Since bursting onto the scene in 2012, the Birmingham quartet of Peace have gone from strength to strength. A highly successful debut album, ‘In Love’ (2013), was followed by a number of festival slots as prestigious as the main stage at Reading and Leeds in 2014. When their second album was announced for 2015, anticipation began to grow and ‘Happy People’ does not disappoint one bit.
‘In Love’ set the foundations for any future success the band will have, with its anthemic and catchy songs. However, with many of the songs being released as highly successful singles; it could be argued the flow suffered ever so slightly. This is not the case with ‘Happy People’. The build up to the album release saw the likes of ‘Money’ and ‘Lost on Me’ make their way onto Radio 1’s daytime playlist as the band started to gain recognition in more mainstream forms. These two songs lead the way for the rest of the tracks on the album.
Songs such as ‘Money’ show a different side to Peace. The band sticks to what they do best but add another layer to their songs on ‘Happy People’. ‘Money’, in particular, is powerful from start to finish. Lines such as ‘money, do you need it? Do you eat it when you’re hungry? Does it taste good?’ show how 4 guys from Birmingham can develop these strong views on the role money plays and materialism. This is perhaps a different route to songs such as ‘Follow Baby’ and ‘Lovesick’ which appear on their debut album.
However, this is by no means the underlying theme of the album. Songs such as ‘I’m a Girl’ and ‘O You’ maintain the distinctive sound of Peace, yet arguably have less meaning behind the lyrics. Both songs show the fun side to the guys, and they are two of the best songs on the album in my opinion. ‘O You’ is one of the catchiest songs on ‘Happy People’ and sets the precedent for the rest to follow.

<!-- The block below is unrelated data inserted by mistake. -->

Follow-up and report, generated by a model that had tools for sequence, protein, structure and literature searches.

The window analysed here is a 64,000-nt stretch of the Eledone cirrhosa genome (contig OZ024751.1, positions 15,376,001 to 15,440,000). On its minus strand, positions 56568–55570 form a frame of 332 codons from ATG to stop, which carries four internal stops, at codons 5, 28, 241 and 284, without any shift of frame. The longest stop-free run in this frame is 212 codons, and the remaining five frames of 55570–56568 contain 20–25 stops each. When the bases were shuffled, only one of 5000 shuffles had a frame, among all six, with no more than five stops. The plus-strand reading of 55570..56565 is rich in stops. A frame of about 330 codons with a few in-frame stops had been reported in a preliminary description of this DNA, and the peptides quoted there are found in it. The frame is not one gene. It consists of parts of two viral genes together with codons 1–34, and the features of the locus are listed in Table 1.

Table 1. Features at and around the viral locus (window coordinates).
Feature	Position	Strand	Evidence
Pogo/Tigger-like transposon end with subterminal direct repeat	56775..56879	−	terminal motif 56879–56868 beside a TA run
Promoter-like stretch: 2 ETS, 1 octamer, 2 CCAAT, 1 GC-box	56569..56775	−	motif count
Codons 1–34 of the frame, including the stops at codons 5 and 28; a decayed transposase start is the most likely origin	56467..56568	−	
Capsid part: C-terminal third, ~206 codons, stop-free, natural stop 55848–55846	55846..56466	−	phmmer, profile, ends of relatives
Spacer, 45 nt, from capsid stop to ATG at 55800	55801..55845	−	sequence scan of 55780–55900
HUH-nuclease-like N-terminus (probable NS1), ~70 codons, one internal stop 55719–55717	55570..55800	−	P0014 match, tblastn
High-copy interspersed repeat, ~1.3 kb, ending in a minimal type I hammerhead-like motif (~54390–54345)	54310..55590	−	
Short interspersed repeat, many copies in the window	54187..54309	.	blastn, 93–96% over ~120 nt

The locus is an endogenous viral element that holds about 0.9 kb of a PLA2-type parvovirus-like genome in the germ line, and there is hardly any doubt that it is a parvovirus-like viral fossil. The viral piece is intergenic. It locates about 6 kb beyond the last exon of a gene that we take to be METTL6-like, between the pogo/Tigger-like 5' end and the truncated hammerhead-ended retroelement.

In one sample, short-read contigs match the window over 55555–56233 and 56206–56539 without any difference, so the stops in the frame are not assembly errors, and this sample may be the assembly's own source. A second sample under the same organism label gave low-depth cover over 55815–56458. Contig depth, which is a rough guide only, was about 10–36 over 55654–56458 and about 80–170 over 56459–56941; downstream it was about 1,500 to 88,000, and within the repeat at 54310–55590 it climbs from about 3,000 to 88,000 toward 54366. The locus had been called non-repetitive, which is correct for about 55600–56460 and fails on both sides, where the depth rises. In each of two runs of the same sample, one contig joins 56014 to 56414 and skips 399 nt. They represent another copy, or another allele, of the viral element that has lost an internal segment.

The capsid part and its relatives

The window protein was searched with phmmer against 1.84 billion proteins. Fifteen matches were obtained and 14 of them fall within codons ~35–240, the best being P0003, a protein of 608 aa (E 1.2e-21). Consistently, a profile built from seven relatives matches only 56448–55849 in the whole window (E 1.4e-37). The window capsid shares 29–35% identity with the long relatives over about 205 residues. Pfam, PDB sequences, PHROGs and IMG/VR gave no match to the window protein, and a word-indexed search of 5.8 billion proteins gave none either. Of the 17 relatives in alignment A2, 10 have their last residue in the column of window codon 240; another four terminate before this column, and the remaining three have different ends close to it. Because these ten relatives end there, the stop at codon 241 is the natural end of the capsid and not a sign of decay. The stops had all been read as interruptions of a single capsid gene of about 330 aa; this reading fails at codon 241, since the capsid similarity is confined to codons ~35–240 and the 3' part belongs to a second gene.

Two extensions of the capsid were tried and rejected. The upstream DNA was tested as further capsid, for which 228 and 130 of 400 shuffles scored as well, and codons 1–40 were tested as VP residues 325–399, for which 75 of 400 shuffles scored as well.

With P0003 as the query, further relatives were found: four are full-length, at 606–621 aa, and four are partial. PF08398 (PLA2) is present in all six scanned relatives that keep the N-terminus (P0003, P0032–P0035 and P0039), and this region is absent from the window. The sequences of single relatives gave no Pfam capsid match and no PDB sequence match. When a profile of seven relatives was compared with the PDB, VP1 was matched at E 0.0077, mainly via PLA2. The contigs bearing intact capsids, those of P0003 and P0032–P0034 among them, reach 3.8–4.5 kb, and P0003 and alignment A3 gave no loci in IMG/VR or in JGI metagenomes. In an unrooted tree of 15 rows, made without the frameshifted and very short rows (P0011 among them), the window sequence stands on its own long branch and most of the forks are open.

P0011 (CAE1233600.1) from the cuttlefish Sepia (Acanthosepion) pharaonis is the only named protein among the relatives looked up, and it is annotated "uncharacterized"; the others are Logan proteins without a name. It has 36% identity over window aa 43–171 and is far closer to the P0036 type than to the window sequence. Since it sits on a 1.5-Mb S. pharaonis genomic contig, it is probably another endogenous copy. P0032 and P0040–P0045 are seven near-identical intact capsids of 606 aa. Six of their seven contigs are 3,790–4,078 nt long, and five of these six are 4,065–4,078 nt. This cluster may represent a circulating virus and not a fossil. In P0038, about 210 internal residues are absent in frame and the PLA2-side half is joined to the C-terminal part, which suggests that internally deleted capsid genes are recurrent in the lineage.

The one song which goes against the trend Peace are setting in their albums is ‘World Pleasure’. Like ‘Drain’ in their debut album, this is the one time the band break the 4 minute barrier, and the result is something special. It starts in typical Peace fashion with Harry Koisser’s vocals accompanying the backdrop the band are making their own. However, three and a half minutes into the song it all changes. For the next three minutes it is all about the instruments. Koisser takes a back seat as the rest of the band (Samuel Koisser, Dominic Boyle and Douglas Castle) take over. If there is one sign of a future change in sound for the band, it can be found in these final three minutes of the song. It has a funky undertone to it as the bass takes centre stage, which will be stuck in your head for the rest of the day.
From being virtual nobodies in 2012, Peace have stumbled upon a unique formula which puts them on the brink of becoming something very special in the music scene here in the UK. Their range is displayed on almost every song throughout ‘Happy People’ and songs such as ‘World Pleasure’ show something very different. The band stick to what they do best, making these anthemic tunes which will be stuck in your head for days to come and when you eventually forget them, you’ll want to have a listen all over again. In the best part of 3 years, these 4 boys from Birmingham have set a certain level which budding musicians around the UK need to match or be left in their wake as their success inevitably continues to grow.
By Aaron Brudney